I s s u e 4 , Fa l l 2 0 0 6
High Desert Journal
heodore waddell t david van zandt tom judd kerri rosenstein theodore waddell vicky sjoberg peter hickock thomas osborne
kim stafford dorianne laux ellen waterston joseph millar tara bray rob whitbeck jane varley carlos reyes paulann petersen michael sykes peter sears kathleen flenniken william studebaker charles goodrich robert wrigley dave memmott
william kittredge robert stubblefield laura pritchett robert stubblefield linda hussa tod erkkila ellen santasiero
high desert journal
A Buddhist In Cattle Country We heard a rumor she was on her way to spend time in a quiet place alone and met her first at the barbeque out to the Z Ranch where you had to see it through her eyes: smoking carcasses on spits turned slowly over the mesquite coals. God, that meat was good. Burl knows how to fix it right. You had to give her credit, too: she sipped a beer and asked how cold it got hereabouts, and where could you go for books, and was the sky always amazing and gold like that?
By Kim Stafford
by Theodore Waddell
Dubois Angus #5 Oil, encaustic and graphite on paper. 30 x 32 in. Courtesy of the Stremmel Gallery, Reno, Nevada
3 18 18 19 25 30 40 45 47 52
Theodore Waddell. Dubois Angus #5 David Van Zandt. Circle Field David Van Zandt. Palouse Barbwire David Van Zandt. St. Johnâ€™s Fence Posts and Field Tom Judd. The Hermit Project Kerri Rosenstein. Red Rock Lake Vicky Sjoberg. Cowboys Theodore Waddell. Motherwell Angus #1 Peter Hickock. Heavy Wait Thomas Osborne. Neon Nights
by David Van Zandt Shape On Hill, June 2006
High Desert Journal
issue no. 4 fall 2006
2 8 17 20 20 21 24 28 29 38 38 38 39 39 44 47
Kim Stafford. A Buddhist in Cattle Country Dorianne Laux. 1969 Ellen Waterston. Spin Cycle Joseph Millar. Sisters Rodeo Tara Bray. Rising Rob Whitbeck. Desert Voice: 1957 Jane Varley. Dakota Morning Carlos Reyes. What Pablo Said Paulann Petersen. Protest Michael Sykes. The Great Basin Peter Sears. Worried Sick in Klamath Falls Kathleen Flenniken. Siren Recognition William Studebaker. Itâ€™s All About Chance Charles Goodrich. A Distant Relative Robert Wrigley. Old Bucket Dave Memmott. Lighting the Chandelier
9 15 31 33 40 42 46
William Kittredge. Eagleville, California Robert Stubblefield. Everything Changes: interview, William Kittredge Laura Pritchett. Expercted Progeny Differences Robert Stubblefield. Rank Strangers Linda Hussa. Mothering in the West Tod Erkkila. Girl in the Reservoir Ellen Santasiero. Precious Metal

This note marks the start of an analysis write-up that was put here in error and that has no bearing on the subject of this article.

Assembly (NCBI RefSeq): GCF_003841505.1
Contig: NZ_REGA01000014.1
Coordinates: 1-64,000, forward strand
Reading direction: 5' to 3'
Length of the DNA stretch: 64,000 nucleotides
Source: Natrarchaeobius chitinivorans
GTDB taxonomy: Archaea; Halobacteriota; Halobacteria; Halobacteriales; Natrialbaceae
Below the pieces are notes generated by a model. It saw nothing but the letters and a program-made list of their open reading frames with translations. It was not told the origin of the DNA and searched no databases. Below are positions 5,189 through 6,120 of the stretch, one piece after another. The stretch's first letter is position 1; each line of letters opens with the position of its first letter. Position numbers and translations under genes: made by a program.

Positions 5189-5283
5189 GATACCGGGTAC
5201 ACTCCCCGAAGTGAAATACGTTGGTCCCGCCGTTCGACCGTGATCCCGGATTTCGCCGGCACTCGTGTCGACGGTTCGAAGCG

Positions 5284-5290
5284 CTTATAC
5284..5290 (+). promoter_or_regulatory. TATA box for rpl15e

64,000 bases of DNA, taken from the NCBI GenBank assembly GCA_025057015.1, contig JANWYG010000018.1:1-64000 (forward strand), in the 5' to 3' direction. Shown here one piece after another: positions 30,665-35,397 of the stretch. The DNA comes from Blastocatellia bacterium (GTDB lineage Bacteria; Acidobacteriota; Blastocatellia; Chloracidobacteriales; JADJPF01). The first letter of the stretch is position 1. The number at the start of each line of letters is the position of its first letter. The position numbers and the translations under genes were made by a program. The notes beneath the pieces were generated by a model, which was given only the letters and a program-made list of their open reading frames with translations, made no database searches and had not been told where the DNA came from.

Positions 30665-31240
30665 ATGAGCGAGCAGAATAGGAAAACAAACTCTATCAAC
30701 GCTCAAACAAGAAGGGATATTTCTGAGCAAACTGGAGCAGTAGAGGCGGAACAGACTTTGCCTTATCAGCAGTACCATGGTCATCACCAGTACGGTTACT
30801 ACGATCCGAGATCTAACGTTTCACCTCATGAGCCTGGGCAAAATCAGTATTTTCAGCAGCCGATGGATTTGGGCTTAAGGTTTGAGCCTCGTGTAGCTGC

an inter view with
by Robert Stubblefield with william kittredge’s first novel, The Willow Field, coming out in October, it seemed the perfect time to discuss his thoughts on the novel, horses and eastern Oregon. Robert Stubblefield sat down with Bill on a smoky August evening in Missoula, Montana. robert stubblefield: Horses played a prominent role in your early life and work, and you’ve written that a number of things changed as machines replaced horses. bill kittredge: We lived in the 19th century until 1945. We did everything with horses and teams. The haying crews used horses and we rode the fields in wagons pulled by horses. When I was four or five years old my dad plowed the garden and put me up on this old horse. If you fell off, you just fell off in the dirt and didn’t get hurt. Back up you went. By the time I was six, I was riding all around the valley. For some reason I was sick and out of school for awhile, and I was just riding out there by myself. That was first grade. By the time we were nine, my cousin and I were going to the range with the buckaroos, which sounds extraordinary now, but that was just what we did. I remember the first thing we did was drive bulls up Greaser Canyon. These were ten-hour days and there’s nothing worse than driving bulls. It wasn’t quite what we bargained for, but we were horseback every day. My best friend Vernon Wasson and I would go all over the valley. He was Indian and lived with his mother in a house beside ours. I had a horse and he didn’t, so he’d ride behind me. Finally my dad told me it was bad for the horse, having two kids ride. I don’t know, maybe there was something racist about it – maybe he felt I shouldn’t be spending all my time with this Indian kid. Anyway, after that I’d ride and Vernon would run behind me. He was the best athlete I ever saw. But horses were central to everything. I was a freshman in high school and the buckaroos were camped out at Catnip Reservoir, must have been about forty miles out there. My dad said, “You and Jack catch a couple of horses and get out there.” We were there by noon. Then when I was thirteen my grandfather sold off the work teams – over one hundred matched teams. Everything changed and by the time I was fifteen, horses were over. That was another world. rs: So after that, were you ever interested in recreational riding or horses in that sense? bk: No. Not at all. I went to college when I was sixteen and I came back from the Air Force when I was twenty-five and started running the farming and I didn’t have anything to do with horses. We sold out during the fall of 1967 and while we were gathering the cattle to sell, I was riding for three months or so. And I loved it again. But from the time I came back to the ranch in 1958 until that fall of ’67, I was never on a horse as I recall. Ray Vance was a cowboy for the mc. One time he said, of my brother and me, “You fucking guys can’t do nothing but read books.” We were shipping cows from Klamath Marsh and Clinton Basey was in charge. My Aunt Viola kept some of that property and Basey was running things for her. He had these giant yellow Belgians and was going to start working them, going back to teams. One of those Belgians reared and took a front-foot swipe at him and knocked his hat off but it didn’t bother Clinton a lick. Basey was one of the real ones. The withering of that culture was symbolic of the general speeding up and increasing abstraction of rural life and communication – radio, autos, telephones, television, tractors for the field work – and loss of contact with living creatures horses and one another. rs: By now, you’ve traveled widely and well. How has travel